Federal agencies involved in planning offshore wind energy development issued a framework for designing and conducting acoustic monitoring of endangered whales and other sea life affected by building and operating wind turbine arrays.

“With a diverse suite of endangered large whale species and a multitude of other protected marine species frequenting these same waters, understanding the potential consequences of construction and operation activities is essential to advancing responsible offshore wind development,” states the paper published Oct. 27 in the journal Frontiers in Marine Science, by a team led by experts with the Bureau of Ocean Energy Management – the lead federal agency for offshore wind development – and National Marine Fisheries Service, which works with BOEM for protecting marine resources.

Underwater microphones can now operate remotely, over long times and at distance, running non-stop to record and archive sounds of the ocean environment.

Advances in using autonomous unmanned vessels, such as submersible electric gliders and saildrones, mean researchers can set microphones on voyages across study areas, along with acoustic receivers deployed on buoys or anchored to the sea floor.

“Passive acoustic monitoring (PAM) represents a newer technology that has become one of several methods of choice for monitoring trends in the presence of species, the soundscape, mitigating risk, and evaluating potential behavioral and distributional changes resulting from offshore wind activities,” the authors wrote.

BOEM may require passive acoustic monitoring as a requirement for wind project permits and approvals. The recommendations are aimed at supporting that need, and set out “minimum procedures, system requirements, and other important components for inclusion, while promoting consistency across plans,” according to the introduction.

Acoustic monitoring can now be deployed on many platforms, from surface ships to autonomous underwater vehicles. NOAA image.

The top questions according to the paper: “Does wind energy activity within and across multiple lease areas affect marine animal distribution, behavior, and communication space, and how can we reduce vessel strike risk and prevent exposure of marine animals to loud sounds during construction activities in the wind energy lease areas?”

Passive acoustic monitoring can be used to identify and follow movements of animal populations through wind project areas – making it a particularly useful tool for projecting potential effects on the critically endangered northern right whales that feed and migrate around Atlantic wind areas.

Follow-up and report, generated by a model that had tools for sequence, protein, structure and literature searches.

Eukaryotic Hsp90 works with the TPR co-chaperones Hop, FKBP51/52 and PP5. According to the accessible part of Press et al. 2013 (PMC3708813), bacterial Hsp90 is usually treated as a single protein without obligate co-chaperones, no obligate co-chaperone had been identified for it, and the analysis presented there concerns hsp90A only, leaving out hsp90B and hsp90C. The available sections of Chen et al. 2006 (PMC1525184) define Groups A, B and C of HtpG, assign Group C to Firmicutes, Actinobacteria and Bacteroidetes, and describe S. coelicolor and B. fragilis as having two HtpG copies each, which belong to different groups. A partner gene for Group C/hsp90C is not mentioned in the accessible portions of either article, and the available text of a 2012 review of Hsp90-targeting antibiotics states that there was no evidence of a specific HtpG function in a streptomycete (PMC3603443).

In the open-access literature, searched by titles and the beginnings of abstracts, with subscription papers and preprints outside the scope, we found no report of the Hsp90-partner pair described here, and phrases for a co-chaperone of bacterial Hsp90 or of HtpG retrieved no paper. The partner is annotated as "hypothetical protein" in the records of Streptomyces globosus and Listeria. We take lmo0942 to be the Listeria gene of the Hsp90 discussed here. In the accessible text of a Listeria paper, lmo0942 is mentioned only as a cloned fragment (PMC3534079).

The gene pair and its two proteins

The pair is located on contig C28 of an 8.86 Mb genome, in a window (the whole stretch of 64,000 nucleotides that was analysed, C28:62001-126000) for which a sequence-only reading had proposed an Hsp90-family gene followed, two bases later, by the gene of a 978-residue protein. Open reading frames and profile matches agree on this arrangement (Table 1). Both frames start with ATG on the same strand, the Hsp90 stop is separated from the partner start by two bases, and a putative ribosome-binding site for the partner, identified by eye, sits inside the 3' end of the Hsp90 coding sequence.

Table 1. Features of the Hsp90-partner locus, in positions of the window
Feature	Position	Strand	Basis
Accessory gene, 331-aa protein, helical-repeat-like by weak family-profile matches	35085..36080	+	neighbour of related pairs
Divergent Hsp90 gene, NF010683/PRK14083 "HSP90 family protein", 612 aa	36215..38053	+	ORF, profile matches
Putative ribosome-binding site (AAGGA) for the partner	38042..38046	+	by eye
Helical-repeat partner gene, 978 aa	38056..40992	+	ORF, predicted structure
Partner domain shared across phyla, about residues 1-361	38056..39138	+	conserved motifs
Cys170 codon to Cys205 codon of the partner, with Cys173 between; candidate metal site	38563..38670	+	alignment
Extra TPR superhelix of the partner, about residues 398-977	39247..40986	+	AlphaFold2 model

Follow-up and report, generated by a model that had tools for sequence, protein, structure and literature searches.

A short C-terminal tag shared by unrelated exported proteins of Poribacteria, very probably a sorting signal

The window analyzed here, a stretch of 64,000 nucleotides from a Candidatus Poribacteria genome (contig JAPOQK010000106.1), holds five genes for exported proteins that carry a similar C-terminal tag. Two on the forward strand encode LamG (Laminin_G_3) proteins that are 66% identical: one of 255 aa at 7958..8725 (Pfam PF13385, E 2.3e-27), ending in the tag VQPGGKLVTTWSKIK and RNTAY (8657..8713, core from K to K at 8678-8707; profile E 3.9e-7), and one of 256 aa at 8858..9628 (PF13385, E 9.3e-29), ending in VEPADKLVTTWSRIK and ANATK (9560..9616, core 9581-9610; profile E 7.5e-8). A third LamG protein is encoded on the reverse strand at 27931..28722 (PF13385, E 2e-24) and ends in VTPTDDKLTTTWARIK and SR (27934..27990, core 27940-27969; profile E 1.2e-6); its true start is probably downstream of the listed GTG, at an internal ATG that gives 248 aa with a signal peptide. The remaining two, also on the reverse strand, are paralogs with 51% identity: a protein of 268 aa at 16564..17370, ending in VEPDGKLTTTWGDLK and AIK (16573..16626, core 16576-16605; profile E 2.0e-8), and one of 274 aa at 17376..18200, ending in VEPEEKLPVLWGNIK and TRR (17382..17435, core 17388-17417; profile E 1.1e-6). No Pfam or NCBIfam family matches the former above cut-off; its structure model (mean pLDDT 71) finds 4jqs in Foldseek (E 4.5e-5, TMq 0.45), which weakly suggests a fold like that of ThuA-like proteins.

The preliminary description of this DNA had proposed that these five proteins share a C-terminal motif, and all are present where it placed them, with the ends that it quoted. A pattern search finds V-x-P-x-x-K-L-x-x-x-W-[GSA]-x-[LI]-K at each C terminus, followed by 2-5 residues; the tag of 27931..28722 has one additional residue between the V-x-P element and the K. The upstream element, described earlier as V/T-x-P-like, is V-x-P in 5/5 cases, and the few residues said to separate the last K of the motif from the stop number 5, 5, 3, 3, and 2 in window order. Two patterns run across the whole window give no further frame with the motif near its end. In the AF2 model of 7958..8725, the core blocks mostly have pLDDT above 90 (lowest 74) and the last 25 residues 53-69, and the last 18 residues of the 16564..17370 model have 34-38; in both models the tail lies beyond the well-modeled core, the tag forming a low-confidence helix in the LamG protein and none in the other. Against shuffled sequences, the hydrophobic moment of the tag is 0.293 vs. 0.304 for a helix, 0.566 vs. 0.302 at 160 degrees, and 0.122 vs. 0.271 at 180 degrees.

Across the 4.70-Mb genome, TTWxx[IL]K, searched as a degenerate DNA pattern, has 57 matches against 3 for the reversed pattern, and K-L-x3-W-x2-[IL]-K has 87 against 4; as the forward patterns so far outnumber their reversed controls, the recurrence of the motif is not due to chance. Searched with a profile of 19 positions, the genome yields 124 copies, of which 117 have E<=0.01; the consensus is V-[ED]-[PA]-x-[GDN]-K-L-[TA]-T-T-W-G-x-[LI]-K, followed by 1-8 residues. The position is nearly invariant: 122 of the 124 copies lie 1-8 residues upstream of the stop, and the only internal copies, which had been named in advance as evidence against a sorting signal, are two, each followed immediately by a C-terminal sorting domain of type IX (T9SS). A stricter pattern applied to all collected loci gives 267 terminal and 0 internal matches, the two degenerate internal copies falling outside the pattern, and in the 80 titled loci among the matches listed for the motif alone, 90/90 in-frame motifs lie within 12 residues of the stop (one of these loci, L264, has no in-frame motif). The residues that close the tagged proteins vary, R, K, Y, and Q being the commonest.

“Monitoring systems can also be used to make real-time decisions like delaying construction, or warning vessels to reduce their speed to protect nearby endangered whales and other animals,” according to a summary from NMFS.

“Passive acoustic monitoring has become an effective and extensively used tool for evaluating the effects of human activities in marine environments,” said Sofie Van Parijs, passive acoustic program lead at the Northeast Fisheries Science Center and lead author of the paper. “As wind energy development expands in U.S. waters, this publication aims to address the need for recommendations and best practices to help industry develop robust and consistent passive acoustic mitigation plans and long-term baseline monitoring programs.”

The framework document addresses national needs and includes supplements “tailored to understanding and minimizing the impacts of offshore wind development on endangered whales and other marine mammals along the East Coast,” according to NMFS.

One is a proposed passive acoustic regional monitoring plan that can guide collecting systematic baseline data, and determine whether there are large-scale, long-term shifts in whale movements and behavior – “either from human activities like offshore wind development or a changing climate,” according to the agency.

A second supplement outlines how wind developers should design passive acoustic monitoring plans to detect animals during turbine construction and reduce any danger to them – include the risk of vessel strikes.

The document also provides templates for standardized data sheets for submitting acoustic detection data, supporting metadata, and GPS location data. Wind developers will be “required to submit these data sheets for each marine mammal detection,” according to NMFS.

Associate Editor Kirk Moore was a reporter for the Asbury Park Press for more than 30 years and a 25-year field editor for National Fisherman before joining our Commercial Marine editorial staff in 2015. He wrote several award-winning stories on marine, environmental, coastal and military issues that helped drive federal and state government policy changes. Moore was awarded the Online News Association 2011 Knight Award for Public Service for the “Barnegat Bay Under Stress,” 2010 series that led to the New Jersey state government’s restoration plan. He lives in West Creek, N.J.

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